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how to create a motor skills course for your child

To make the little ones spend energy or to motivate the older ones to leave their screens, the motor skills course is always a good idea! Our advice for designing fun circuits in complete safety.

As you know, there is no shortage of reasons for wanting to create a motor skills course: this will help young and old alike psychomotor development, and this will also allow them to let off steam while having fun. Because nothing beats sports challenges, more or less difficult obviously depending on the age of the children, to advance their physical capacities and teach them to surpass themselves, to get out of their comfort zone, all with confidence.
And rest assured, even without the professional equipment of reception structures and schools, you can quite build a motor skills course that will appeal to your children, with a little imagination and our good advice.

Before installing the motor skills course

First step, and not least, make sure of course that your child's safety can always be guaranteed on the course. Declutter as much as possible the room in which you will install the circuit, protect overhanging corners of furniture and absorb unfortunate falls with the carpets you have available. The best will be to leave your child move barefoot so that he understands the course better, but if he is in slippers, make sure they are not slippery.

Explain clearly to your little one what he should do on the different elements of the course, showing him by example, and accompany him closely for his first attempts. To give him confidence, we will multiply the encouraging words and we'll stay tuned to find out if he's really having fun or not. We all have days with and days without!

A motor skills course at home

By developing a motor skills course at home, you will focus on different skills of your child so that he develops them more and more. It's up to you to vary the pleasures and mix these different ideas to compose the circuit most suited to what he already knows or not do.
The most imaginative parents can also invent a story linked to the course, with obstacles to avoid (like crocodiles under a bridge for example) and a goal to reach (a treasure or an animal to be released for example).

It will involve offering your child to jump in all possible ways: with their feet together or on one foot, forwards or backwards, crossing a small obstacle, landing further and further, from a small height. For this, use hoops if you have some, rope or large scotch tape to form circles, a small broom placed on two buckets to create a barrier not too high.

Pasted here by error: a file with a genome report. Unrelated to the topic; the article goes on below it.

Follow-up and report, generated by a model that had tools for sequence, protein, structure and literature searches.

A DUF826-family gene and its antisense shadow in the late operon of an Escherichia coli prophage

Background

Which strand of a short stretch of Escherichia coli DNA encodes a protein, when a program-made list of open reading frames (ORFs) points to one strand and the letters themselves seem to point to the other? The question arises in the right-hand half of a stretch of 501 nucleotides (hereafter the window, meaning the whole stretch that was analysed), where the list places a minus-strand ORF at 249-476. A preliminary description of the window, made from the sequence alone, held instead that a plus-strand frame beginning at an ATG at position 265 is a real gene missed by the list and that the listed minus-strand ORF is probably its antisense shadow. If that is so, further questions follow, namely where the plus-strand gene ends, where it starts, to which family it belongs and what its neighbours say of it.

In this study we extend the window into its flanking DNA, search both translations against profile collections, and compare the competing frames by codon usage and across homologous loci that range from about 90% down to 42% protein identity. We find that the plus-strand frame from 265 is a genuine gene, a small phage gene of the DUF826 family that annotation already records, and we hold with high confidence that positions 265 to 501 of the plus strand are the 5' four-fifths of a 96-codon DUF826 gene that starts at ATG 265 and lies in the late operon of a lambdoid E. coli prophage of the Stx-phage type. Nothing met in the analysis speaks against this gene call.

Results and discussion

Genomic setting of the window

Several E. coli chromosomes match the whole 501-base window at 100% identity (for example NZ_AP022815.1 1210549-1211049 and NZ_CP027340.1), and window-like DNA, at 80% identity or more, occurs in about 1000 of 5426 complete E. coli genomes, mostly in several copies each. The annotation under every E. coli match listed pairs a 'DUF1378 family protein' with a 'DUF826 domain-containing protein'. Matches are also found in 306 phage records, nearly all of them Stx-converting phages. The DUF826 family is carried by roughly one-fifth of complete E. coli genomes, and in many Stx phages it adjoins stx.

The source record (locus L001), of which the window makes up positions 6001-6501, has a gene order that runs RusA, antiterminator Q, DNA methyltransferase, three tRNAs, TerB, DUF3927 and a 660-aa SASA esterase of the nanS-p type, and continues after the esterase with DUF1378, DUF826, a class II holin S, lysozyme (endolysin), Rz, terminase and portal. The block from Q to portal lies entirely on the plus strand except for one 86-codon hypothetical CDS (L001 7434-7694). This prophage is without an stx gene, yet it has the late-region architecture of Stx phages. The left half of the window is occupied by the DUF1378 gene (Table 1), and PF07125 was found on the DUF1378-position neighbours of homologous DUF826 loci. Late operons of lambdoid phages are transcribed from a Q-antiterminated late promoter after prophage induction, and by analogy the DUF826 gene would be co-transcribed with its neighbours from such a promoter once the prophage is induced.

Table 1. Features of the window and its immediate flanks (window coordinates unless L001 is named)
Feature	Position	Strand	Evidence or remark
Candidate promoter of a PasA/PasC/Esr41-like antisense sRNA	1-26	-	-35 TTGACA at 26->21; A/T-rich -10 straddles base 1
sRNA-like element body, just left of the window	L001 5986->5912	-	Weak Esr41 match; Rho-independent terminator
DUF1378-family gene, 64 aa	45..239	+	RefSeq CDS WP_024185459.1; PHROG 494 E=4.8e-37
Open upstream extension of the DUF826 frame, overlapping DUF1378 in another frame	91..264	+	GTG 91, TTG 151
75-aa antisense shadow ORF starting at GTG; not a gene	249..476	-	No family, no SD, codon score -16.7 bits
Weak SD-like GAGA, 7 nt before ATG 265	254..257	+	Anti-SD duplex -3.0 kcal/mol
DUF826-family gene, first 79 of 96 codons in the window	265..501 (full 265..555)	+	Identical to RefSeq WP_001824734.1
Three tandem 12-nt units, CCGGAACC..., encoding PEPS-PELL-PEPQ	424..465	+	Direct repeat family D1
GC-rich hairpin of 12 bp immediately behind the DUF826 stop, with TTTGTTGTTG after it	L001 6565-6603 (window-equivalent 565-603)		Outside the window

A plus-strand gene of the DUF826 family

You can also place a high wire on which ribbons will be hung with clothespins, so that he tries to catch them, still jumping.

Taking into account your child's age, you will ask him to throw a foam ball or ping pong for example, farther and farther and more precisely, on a target, which could again be a hoop or a more or less large basin. To do this, he can use his two hands or one, make the throw from below or from above.

There are several ways to make balance work while having fun: transform a side piece of furniture, such as a small bench or a shoe cabinet, into a beam, on which your child will have to stay in balance, or advance it on a rope placed on the ground, on a line formed with large scotch tape, or even on a path of cushions more or less thick. Add a little difficulty for older children by putting a small book on their heads which should of course not fall.
If you have a big ball, like a Pilates ball for example, adapted to its size, it can find balance by settling on it astride, with both legs on the same side or by placing the ball under the belly while rolling it.

Practice the rolls on your little one, on a floor mat or the living room carpet if you don't have one, accompanying him in his first movements to help him tilt forward. The older ones can also try their hand at backward rolls.

Train your toddler to crawl forward and backward, using a tunnel if you have one, or a table or low table under which it will have to pass.

Some ideas found on Pinterest to inspire you

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A motor skills course in the garden

You can of course move these courses outside if you have the chance to enjoy a garden, and even decorate them with games that you may have as a toboggan, to slide into different positions or with a ball for example, to throw it in a basket on arrival. The trampoline will also allow you to perfect your jumps, on a foot or by imitating the frog, and to try your hand at rolling. Around the age of 5, you can suggest a stage jumping rope which will teach your child to coordinate his movements.

This outdoor space also offers you the opportunity to practice racing in all its variations, especially for older children: by lifting the knees, with obstacles or with a long jump at the end for example. It may also be easier than indoors to make him develop his ability to hang and even move forward while hanging, for example on a tree branch.

And if in addition, you benefit from a swimming pool, take advantage of it with an aquatic motor skills course, adapted of course to your child's abilities and his ease in the water. Set up a circuit with objects that he will have to fetch on the surface or in depth if he can swim, with a fries or board below or above which he must pass, a small ball which he must throw at a target, etc.

So let your imagination run wild … and have a good trip!

The best activities to do with children at home

Video by Juliette Le Peillet

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